I was recently informed about this program: Public Service Loan Forgiveness (PSLF) Program.
As a taxpayer, this type of perverse incentive really grates me. It appears that we are getting hit twice. First, taxpayers pay the salary of these employees (which is fair since it’s their labor). However, they get a carve out and have us pay for their remaining student loans. That is not cool at all and they’re hitting the piggybank we’re forced to pay into twice. We’re already paying the salary they can use to pay off those loans and now we’re also forced to absorb the cost of those loans. I don’t know who came up with this program but it stinks.
In contrast, if a private arrangement is made to forgive a loan or donations are gathered, that’s cool, I have no dog in that fight. The difference is a forced versus voluntary action.
I’ll also say the loan forgiveness thing at taxpayer expense is rotten in general (regardless of who benefits). It’s a slap in the face to people who opted to save, work, or serve in the military to pay for college and leave with no debt as well as those who worked and paid off the debt they incurred. I remember several friends in college who worked full time while attending or made military commitments and sacrifices to pay their schooling. Those same folks who labored and bore the cost are now told to involuntarily pay off someone else’s loan. That is just awful and it teaches an irresponsible lesson to future generations.
Finally, this isn’t the first government program the promotes entitlement and dependency. Several years ago I highlighted the destructive and indoctrinating nature of the school breakfast for all. That brings me to an exit question/information request:
The free school breakfast and ‘come to the park to eat lunch for free’ programs (i.e. force your neighbors to pay for your lunch) are bad enough that they are open to everyone, rather than means tested. But even if means tested, they make no sense. Wouldn’t the same folks who would qualify also qualify for food stamps? If so, you would expect that they should have their SNAP benefit reduced by a comparable amount, right? Having both programs overlap, besides being wasteful, sure makes it sound like those receiving food stamps are not using them to purchase the food to feed their children – to me that sounds like there is a bigger problem afoot and while I’m not a big fan for child services intervention, having the means to feed your child but not doing so sure looks like something they should look into.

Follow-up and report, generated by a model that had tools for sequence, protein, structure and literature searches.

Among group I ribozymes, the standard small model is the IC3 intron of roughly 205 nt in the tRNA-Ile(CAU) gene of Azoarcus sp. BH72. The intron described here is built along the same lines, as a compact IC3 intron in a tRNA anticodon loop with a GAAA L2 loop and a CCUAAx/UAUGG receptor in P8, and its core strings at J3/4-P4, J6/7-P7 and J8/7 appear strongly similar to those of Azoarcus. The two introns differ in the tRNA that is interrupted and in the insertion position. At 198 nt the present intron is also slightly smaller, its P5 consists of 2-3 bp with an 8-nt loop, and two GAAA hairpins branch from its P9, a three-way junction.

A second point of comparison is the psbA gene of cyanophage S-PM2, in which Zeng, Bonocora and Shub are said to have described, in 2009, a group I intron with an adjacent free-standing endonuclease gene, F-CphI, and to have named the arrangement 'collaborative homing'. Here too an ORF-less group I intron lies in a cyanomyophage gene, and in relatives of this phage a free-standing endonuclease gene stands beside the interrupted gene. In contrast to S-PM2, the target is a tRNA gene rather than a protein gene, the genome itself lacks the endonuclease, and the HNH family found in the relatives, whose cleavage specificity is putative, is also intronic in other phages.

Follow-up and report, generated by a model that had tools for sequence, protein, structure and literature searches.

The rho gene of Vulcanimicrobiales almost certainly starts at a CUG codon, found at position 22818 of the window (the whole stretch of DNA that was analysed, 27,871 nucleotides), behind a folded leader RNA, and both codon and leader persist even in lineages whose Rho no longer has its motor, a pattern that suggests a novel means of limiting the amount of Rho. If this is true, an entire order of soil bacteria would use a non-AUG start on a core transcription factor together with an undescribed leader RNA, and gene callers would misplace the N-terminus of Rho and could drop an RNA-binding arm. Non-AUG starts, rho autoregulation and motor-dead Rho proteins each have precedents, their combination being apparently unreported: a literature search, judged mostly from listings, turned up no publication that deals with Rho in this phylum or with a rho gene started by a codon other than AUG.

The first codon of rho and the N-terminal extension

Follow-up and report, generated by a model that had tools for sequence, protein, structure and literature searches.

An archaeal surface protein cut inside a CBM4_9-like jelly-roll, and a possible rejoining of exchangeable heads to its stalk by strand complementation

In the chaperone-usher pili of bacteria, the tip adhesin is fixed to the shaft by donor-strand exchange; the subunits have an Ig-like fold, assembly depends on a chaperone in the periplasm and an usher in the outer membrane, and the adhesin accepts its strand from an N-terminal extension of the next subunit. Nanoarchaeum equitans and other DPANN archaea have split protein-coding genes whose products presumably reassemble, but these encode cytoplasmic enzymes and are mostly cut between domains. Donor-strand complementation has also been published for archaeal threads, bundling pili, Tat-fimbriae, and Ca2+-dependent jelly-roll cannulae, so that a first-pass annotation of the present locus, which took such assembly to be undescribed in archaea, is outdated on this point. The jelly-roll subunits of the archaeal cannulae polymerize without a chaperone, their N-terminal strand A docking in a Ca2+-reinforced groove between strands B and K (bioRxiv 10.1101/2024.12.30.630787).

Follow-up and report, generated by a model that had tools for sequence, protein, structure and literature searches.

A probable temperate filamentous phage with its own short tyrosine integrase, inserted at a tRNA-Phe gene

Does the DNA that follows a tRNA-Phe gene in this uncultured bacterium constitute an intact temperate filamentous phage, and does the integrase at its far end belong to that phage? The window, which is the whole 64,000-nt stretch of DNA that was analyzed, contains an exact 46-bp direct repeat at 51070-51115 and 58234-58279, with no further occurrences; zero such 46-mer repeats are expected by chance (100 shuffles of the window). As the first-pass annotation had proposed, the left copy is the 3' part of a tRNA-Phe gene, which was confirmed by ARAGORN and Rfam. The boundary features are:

If there isn’t overlap between the programs and why they aren’t means tested, I would be interested in getting some sources of info to read. Please refrain from articles about it being government’s job to feed everyone – it will fall on deaf ears as we don’t have a duty to feed our neighbor and his kids when he makes $500K/year but blew his grocery budget on a new yacht (if people have prioritization issues, that’s their problem).
UPDATE (further reading): Here’s an article on the PLSF from Brookings from 2016: The coming Public Service Loan Forgiveness bonanza (I guess the bonanza is moving forward) and an article a couple of alternative student loan suggestions to think about: Two Conservative Ideas for Fixing Student Loans (see also Fixing student loans—the right way). Finally, here’s a bit of perspective from CNN (Wealthy Borrowers Will Benefit Most From Elizabeth Warren’s Student Debt Forgiveness Plan) and Brookings (The Typical Household with Student Loan Debt).